Q.2. Discuss About Water Potential: Components and Osmotic Relations of Cells.

Water potential
term was coined by Slatyer and Taylor (1960). It is modern term which is used
in place of DPD, The movement of water in plants cannot be accurately explained
in teams of difference in concentration or in other linear expression.

The best way to
express spontaneous movement of water from one region to another its in terms
of the difference of free energy of water betveen two regions (from higher free
energy level to lower free energy level).

According to
principles of thermodynamics, every components of system is having definite
amount of free energy which is measure of potential work which the system can
do. Water Potenti al is the difference in the free energy or chemical potential
per unit molar volume of water in systern and that of pure water at the same
temperature and pressure.

It is represented
by Greek letter or the value of is measured in bars, pascals or atmospheres.
Water always moves from the area of high water potentiai to the area of low
water potential. Water potential of pure water at normal temperature and
pressure is zero. This value is considered to be the highest. The presence of
solid particles reduces the free energy of water and decreases the water
potential. Therefore, water potential of a solution is always less than zero or
it has negative value.

Components of Water Potential:

A typical plant
cell consists of a çell wall, a vacuole filled with an aqueous solution and a
laver of cytoplasm between vacuole and cell wall. When such a cell is subjected
to the movemen of water then many factors begin to operate which ultimately
determine the water potential of cell sap.

For solution such
as contents of cells, water potential is detemined by 3 major sets of internal
factors:

(a) Matrix potential

(b) Solute potential or osmotic
potential

(c) Pressure potential

Water potentialin a
plant cell or tissue can be written as the sum of matrix potential (due to
Linding of water to cell and cytoplasm) the solute potential (due to
concentration of dissolve solutes which by its effect on the entropy components
reduces the water potentia) and pressere potential (due to hy drostatie
pressure, which by its effect on energy components increases tlie water
potential).

In case of plant
cell, m is usually disregarded and it is not significant in osmosis. Hence, the
above given equation is written as follows.

Solute Potential:

It is defined as
the amount by which the water potential is reduced as the result of the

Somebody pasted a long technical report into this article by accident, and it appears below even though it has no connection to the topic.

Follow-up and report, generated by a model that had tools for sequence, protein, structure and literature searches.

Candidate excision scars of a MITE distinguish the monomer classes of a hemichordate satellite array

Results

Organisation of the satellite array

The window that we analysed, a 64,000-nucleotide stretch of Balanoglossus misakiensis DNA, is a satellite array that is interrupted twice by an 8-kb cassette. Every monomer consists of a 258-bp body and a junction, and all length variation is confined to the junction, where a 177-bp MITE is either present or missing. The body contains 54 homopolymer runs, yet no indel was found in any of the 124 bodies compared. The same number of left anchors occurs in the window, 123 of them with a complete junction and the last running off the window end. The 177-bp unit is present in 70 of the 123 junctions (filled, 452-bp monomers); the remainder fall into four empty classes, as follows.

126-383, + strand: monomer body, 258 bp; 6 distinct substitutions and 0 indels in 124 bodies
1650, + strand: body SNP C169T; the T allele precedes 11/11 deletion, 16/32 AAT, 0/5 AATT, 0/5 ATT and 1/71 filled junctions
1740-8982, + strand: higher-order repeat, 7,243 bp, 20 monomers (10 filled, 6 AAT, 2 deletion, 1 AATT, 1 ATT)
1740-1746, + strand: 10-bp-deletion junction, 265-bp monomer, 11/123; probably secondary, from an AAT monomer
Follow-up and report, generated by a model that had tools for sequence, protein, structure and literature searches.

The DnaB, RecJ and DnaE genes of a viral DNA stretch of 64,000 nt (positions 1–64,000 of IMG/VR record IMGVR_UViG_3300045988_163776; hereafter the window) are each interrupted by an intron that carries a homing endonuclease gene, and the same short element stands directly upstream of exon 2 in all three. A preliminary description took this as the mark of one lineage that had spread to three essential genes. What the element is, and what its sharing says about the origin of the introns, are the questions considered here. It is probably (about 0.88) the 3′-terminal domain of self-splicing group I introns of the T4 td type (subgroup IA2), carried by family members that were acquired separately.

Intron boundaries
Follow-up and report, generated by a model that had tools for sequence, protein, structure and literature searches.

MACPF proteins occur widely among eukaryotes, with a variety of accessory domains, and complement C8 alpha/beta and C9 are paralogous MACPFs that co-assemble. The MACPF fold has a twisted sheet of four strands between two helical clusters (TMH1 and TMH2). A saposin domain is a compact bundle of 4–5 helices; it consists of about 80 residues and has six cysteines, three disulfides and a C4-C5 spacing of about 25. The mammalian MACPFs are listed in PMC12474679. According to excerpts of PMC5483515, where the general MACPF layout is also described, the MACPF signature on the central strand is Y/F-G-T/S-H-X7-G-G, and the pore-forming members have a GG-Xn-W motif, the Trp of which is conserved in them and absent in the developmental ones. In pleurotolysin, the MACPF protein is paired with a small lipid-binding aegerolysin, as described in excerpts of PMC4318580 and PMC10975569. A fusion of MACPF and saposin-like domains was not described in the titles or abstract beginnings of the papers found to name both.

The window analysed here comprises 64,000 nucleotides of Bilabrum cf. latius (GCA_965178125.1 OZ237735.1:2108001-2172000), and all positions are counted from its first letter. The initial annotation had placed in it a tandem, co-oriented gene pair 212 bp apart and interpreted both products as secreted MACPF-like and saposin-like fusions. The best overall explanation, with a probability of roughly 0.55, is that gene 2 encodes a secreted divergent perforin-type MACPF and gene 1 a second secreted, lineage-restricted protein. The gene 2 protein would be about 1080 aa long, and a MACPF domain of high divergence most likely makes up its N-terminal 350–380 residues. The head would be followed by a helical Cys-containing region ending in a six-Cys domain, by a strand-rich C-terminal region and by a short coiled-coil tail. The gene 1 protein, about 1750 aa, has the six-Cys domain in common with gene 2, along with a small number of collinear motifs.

presence of the solute, s are always in negative values and it is expressed in
bars with a negative sign.

Pressure Potential:

Plant cell wall is plastic
and it exerts a pressure on the cellular contents. As a result the inward wall
pressure, hydrostatic pressure is developed in the vacuole it is termed as torpor
pressure. The pressure potential is usually positive and operates in plant
cells as wall pressure and turgor pressure, Its magnitude varies between +5
bars (during day) and +15 bars (during night).

Important Aspects of Water Potential:

(1) Pure water has the maximum water
potential whicl. by definition is zero. (2) Water always moves from a region of
higher to one lower.

(3) All solutions have lower w than
pure water.

(4) Osmosis in terms of water
potential occurs region of higher water potential to a region of lower water
potential through a semi permeable membrane.

Osmotic Relations of Cells According
to Water Potential:

In case of fully turgid cell:

The net movement of
water into the cell is stopped. The cell is in equilibrium with the water
outside. Consequently the water potential in this case becomes zero. Water
potential is equal to osmotic potential + pressure potential.

In case of flaccid
cell: The turgor becomes zero. A cell at zero turgor has an osmotic potential
equal to its water potential.

In case of plasmolysed cell:

When the vacuolated
parenchymatous cells are placed in solution of sufficient strength, the
protoplast decreases in volume to such an extent that they shrink away from the
cell wall and the cells are plasmolysed. Such cells are negative value of
pressure potential (negative torpor pressure).

Numerical Problems:

1.
Suppose there are two cells A and B, cell A has osmotic potential -16 bars,
pressure potential - 6 bars and cell B as osmotic potential --10 bars and
pressure potential- 2 bars, What is the direction of movement of water?

Water potential of
cell A v, +y,"- 16 + 6--10 bars y of cell B=-10 +2-8 bars.

As movement of
water is from higher water potential (lower DPD) to lower water potent is (
higher DPD), hence the movement of water is from cell B to cell A.

2. If
osmotic potential of a cell is - 14 bars and its pressure potential is 7 bars.
What would be its water potential?

We know w. v,+ v,

Given, osmotic potential (y.) is-14
bars.

Pressure potentials (y) is 7 bars

Therefore, Water potential = (-14) +
5= -9 bars.

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